The real problem lies is on the other side of the diamond anyway. Major League Baseball is rife with first baseman lethal with a piece of lumber in their hands not having one on your squad puts you at a significant disadvantage. Niekro's .304 OBP is reminiscent of a utility infielder during the dead ball era, not a starting 1B in the time of BALCO.

Free agency is the obvious place to look for a replacement, and the most economical option comes in the form of Oakland's Erubiel Durazo. This signing certainly doesn't come without risk, however. From 1999-2004, Durazo consistently produced at a rate worthy of an everyday first baseman. 2005 has been a disaster though. After a sluggish start, he underwent Tommy John surgery and isn't expected to return this season. As either a first baseman or designated hitter, lingering arm problems are unlikely, but as with all injuries, recovery is never guaranteed. The silver lining is that his injury means that whatever team signs him will get a discounted price.

Of course, if the Giants or any NL team is interested, they'll also have to make sure he can still handle first base. Durazo's been a full-time designated hitter for the past three years, and it's reasonable to think he may have tacked on a few pounds now that he only leaves the bench five times a game on good days.

The rest of the free agent first basemen are of little consequence, so any other outside help would come via a trade. Mike Sweeney, as is the case with all of the Royals who earn more than the league minimum, is being shopped. Lyle Overbay and Chad Tracy could also be changing homes, as they're blocking the path of prospects Prince Fielder and Conor Jackson respectively. Still, it's unclear what these ballclubs would ask the Giants for in return. Sabean has already pillaged the farm system in the Randy Winn and LaTroy Hawkins maneuvers so they simply may not have the assets to acquire either player.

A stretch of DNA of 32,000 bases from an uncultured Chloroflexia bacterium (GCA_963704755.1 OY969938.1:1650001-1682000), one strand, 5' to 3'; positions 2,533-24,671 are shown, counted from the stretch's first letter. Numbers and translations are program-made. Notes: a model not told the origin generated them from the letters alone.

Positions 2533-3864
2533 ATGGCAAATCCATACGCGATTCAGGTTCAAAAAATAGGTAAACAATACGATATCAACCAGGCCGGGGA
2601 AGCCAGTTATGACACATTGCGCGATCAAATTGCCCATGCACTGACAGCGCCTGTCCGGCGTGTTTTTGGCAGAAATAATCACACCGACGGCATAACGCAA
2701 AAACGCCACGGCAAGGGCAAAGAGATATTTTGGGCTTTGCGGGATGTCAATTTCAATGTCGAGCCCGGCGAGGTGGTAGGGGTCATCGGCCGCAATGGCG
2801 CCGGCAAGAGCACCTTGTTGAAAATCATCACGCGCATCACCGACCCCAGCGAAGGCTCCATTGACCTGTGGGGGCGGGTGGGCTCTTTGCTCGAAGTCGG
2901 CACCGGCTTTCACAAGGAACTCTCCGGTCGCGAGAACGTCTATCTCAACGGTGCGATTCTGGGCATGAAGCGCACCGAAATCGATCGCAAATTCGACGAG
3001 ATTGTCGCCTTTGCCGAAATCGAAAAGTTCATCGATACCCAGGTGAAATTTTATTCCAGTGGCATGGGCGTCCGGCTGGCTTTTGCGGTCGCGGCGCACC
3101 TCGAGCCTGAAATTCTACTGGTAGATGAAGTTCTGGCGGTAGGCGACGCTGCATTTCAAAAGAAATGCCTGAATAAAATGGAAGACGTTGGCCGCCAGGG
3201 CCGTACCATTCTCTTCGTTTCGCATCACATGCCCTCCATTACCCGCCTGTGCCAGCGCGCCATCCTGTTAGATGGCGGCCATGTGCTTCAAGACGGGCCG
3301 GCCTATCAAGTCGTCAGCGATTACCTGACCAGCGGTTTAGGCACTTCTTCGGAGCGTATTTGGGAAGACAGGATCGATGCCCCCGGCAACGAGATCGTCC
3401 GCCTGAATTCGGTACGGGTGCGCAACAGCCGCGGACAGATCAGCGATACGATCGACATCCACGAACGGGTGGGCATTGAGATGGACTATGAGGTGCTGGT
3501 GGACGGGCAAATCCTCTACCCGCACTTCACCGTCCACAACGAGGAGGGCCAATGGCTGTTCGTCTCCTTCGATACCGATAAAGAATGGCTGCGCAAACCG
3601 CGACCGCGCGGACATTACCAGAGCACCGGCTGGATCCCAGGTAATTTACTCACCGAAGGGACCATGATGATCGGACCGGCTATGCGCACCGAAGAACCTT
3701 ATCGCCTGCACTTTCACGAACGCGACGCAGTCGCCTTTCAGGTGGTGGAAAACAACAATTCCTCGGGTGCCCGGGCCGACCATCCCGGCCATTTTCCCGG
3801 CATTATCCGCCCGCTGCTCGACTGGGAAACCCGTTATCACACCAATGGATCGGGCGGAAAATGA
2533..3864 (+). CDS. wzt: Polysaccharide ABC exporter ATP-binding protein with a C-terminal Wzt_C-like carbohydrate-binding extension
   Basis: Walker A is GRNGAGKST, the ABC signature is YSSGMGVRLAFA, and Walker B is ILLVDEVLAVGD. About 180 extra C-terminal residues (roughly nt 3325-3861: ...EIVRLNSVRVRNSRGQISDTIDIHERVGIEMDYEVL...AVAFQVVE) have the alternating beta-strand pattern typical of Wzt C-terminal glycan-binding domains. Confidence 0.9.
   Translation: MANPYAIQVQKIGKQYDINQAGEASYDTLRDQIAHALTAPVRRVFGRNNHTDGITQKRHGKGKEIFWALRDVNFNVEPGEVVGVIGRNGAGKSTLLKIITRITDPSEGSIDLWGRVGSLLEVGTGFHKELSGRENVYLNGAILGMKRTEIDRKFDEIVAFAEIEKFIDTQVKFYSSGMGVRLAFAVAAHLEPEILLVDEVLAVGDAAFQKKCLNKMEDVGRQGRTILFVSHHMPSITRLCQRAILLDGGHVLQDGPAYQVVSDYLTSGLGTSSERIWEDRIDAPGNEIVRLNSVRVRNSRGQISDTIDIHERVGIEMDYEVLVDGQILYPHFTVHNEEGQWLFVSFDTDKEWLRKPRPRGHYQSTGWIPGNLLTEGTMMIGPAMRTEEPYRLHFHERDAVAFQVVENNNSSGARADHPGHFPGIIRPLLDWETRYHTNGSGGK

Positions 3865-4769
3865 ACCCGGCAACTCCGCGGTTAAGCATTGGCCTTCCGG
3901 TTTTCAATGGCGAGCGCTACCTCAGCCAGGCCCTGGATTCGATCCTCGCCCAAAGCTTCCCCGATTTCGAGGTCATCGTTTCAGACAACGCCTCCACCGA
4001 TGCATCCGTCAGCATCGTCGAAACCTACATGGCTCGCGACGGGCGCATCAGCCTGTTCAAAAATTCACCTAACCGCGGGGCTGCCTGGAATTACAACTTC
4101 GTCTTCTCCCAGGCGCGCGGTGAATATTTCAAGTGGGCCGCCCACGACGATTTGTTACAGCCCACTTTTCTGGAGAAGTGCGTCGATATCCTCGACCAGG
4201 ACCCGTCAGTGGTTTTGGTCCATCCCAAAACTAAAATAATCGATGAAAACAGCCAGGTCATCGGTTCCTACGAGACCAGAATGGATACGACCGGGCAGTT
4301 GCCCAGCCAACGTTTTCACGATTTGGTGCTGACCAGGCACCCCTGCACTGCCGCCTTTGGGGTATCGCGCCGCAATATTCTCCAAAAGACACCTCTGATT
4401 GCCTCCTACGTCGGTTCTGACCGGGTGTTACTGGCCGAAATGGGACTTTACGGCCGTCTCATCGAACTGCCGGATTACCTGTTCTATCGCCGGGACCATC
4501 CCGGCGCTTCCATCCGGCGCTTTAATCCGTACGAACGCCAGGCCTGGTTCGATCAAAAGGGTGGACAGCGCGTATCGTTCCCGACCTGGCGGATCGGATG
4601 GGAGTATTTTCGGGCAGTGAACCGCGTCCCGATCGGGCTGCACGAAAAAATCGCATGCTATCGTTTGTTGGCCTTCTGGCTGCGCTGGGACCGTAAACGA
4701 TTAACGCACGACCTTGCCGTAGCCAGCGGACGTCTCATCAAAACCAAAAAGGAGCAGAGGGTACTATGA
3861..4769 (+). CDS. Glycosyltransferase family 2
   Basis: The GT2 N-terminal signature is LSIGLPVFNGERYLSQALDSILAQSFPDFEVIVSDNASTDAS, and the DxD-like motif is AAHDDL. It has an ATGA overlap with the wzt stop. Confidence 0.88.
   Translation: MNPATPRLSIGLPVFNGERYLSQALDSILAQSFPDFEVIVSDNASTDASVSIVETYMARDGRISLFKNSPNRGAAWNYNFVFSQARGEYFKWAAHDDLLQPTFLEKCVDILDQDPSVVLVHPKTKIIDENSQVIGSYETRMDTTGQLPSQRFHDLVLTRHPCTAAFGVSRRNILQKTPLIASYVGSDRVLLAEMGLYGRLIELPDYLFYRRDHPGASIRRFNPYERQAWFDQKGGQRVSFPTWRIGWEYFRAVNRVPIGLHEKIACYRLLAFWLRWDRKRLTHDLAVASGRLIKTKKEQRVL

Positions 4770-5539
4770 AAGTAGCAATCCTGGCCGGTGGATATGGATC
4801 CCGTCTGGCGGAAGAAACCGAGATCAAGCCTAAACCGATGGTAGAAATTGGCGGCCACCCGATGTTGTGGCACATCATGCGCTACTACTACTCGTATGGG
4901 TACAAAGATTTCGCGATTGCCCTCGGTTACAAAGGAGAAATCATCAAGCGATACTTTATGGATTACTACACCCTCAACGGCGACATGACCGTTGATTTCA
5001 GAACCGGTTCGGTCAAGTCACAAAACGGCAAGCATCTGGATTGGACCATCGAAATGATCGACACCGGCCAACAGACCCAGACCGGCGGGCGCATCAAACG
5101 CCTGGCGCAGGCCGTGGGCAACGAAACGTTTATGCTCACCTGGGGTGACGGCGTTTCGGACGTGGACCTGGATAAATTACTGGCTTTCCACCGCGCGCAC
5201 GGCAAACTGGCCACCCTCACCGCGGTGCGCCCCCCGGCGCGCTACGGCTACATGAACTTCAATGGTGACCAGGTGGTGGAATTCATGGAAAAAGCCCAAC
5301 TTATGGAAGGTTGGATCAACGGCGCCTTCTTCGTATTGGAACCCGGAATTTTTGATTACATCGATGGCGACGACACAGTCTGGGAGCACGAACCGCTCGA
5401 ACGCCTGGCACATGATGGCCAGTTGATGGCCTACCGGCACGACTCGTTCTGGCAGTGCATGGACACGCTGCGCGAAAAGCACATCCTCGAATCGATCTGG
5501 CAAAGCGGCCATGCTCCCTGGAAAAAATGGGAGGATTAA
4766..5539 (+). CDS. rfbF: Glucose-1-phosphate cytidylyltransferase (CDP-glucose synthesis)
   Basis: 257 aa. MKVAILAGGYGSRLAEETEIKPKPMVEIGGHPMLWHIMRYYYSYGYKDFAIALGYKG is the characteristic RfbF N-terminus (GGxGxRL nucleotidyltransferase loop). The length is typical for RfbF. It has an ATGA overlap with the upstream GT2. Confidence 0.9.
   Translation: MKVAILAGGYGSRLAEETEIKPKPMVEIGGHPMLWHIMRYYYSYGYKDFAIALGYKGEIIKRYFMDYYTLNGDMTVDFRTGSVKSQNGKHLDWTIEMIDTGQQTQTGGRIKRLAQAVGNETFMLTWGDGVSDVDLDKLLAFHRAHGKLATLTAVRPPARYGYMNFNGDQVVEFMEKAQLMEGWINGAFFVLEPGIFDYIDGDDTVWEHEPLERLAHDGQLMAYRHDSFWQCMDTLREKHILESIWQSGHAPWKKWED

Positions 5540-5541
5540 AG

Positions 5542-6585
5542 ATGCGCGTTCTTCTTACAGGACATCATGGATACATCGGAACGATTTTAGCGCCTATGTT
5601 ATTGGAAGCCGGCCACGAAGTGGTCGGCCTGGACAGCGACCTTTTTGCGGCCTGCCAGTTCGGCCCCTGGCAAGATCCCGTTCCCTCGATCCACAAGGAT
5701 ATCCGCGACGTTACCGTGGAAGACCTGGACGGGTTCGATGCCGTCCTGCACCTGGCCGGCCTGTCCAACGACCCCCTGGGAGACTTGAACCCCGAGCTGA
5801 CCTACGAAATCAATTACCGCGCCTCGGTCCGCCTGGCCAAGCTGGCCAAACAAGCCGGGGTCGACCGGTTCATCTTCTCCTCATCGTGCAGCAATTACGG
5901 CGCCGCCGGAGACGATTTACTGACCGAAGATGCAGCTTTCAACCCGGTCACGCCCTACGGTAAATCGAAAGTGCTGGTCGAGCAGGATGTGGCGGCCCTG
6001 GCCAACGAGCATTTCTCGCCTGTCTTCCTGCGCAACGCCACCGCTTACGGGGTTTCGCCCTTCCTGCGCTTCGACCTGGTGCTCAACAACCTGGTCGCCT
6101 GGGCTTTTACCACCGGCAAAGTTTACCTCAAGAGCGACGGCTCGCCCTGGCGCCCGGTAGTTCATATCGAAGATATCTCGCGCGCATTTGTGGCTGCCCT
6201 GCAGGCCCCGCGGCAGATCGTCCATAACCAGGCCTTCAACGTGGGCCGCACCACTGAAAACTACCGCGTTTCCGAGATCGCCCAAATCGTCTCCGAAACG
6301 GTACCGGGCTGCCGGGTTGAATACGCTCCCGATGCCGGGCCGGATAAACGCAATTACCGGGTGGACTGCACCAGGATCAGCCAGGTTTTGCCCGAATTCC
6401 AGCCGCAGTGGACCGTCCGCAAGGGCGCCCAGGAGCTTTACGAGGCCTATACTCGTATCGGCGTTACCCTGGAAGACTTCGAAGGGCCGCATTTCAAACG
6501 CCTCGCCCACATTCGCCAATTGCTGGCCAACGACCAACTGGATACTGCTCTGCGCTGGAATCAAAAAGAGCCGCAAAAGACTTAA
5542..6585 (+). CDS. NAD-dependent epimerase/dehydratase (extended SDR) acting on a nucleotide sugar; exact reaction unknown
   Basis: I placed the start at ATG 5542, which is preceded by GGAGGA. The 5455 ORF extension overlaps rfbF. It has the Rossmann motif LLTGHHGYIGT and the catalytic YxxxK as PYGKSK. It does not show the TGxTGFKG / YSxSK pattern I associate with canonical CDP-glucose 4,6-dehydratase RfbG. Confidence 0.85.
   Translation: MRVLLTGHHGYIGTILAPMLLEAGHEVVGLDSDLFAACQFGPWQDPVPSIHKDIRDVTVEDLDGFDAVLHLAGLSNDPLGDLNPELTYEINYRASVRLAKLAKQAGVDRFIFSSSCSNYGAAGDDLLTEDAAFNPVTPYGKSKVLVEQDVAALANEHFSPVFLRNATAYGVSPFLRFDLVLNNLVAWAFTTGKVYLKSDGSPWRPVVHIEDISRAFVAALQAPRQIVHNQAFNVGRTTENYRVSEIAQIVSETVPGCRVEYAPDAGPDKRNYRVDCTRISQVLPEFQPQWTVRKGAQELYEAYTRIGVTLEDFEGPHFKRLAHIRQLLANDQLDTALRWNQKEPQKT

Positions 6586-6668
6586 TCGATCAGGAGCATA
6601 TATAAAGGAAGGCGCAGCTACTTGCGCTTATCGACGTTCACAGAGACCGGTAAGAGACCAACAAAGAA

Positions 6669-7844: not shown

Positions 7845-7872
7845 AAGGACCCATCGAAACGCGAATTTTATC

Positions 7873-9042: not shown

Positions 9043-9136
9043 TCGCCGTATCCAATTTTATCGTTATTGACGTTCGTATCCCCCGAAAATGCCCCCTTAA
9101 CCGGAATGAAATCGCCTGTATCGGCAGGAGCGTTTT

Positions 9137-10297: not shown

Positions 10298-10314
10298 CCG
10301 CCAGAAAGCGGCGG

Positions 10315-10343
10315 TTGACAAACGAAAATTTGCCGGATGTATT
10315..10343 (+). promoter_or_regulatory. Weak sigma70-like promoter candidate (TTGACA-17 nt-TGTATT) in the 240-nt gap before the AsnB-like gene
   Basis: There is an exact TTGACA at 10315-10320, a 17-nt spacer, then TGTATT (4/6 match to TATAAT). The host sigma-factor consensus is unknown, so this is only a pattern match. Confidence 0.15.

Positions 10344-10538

The last and most risky option would be for the Giants' to take their one legitimate hitting prospect, Todd Linden, and insert him as Niekro's platoon partner. This would certainly be asking a lot of the youngster, but looking at the Giants' projected lineup for 2006, he may not get regular at-bats otherwise. The majority of his playing time would be at first base, but his glove could also be used to regularly spell the elder statesman in the outfield.

Niekro has one of the most lopsided platoon-splits (.575 OPS vs. RHP, 1.094 vs. LHP) you'll ever find in baseball and used correctly (i.e. never facing right-handed pitching) he could make up one-half of an effective first-base duo.

Whether Linden is up for the challenge is debatable as well. He's posted an OPS of 1.118 over the past week so it's possible he's finally made the adjustment to major league pitching. But he still strikes out in more than one-third of his at-bats and his walk rate since being promoted has plummeted. The final month of the season should provide some clue to whether Linden would be up for such a challenge.

If not, Durazo murders right-handed pitching too.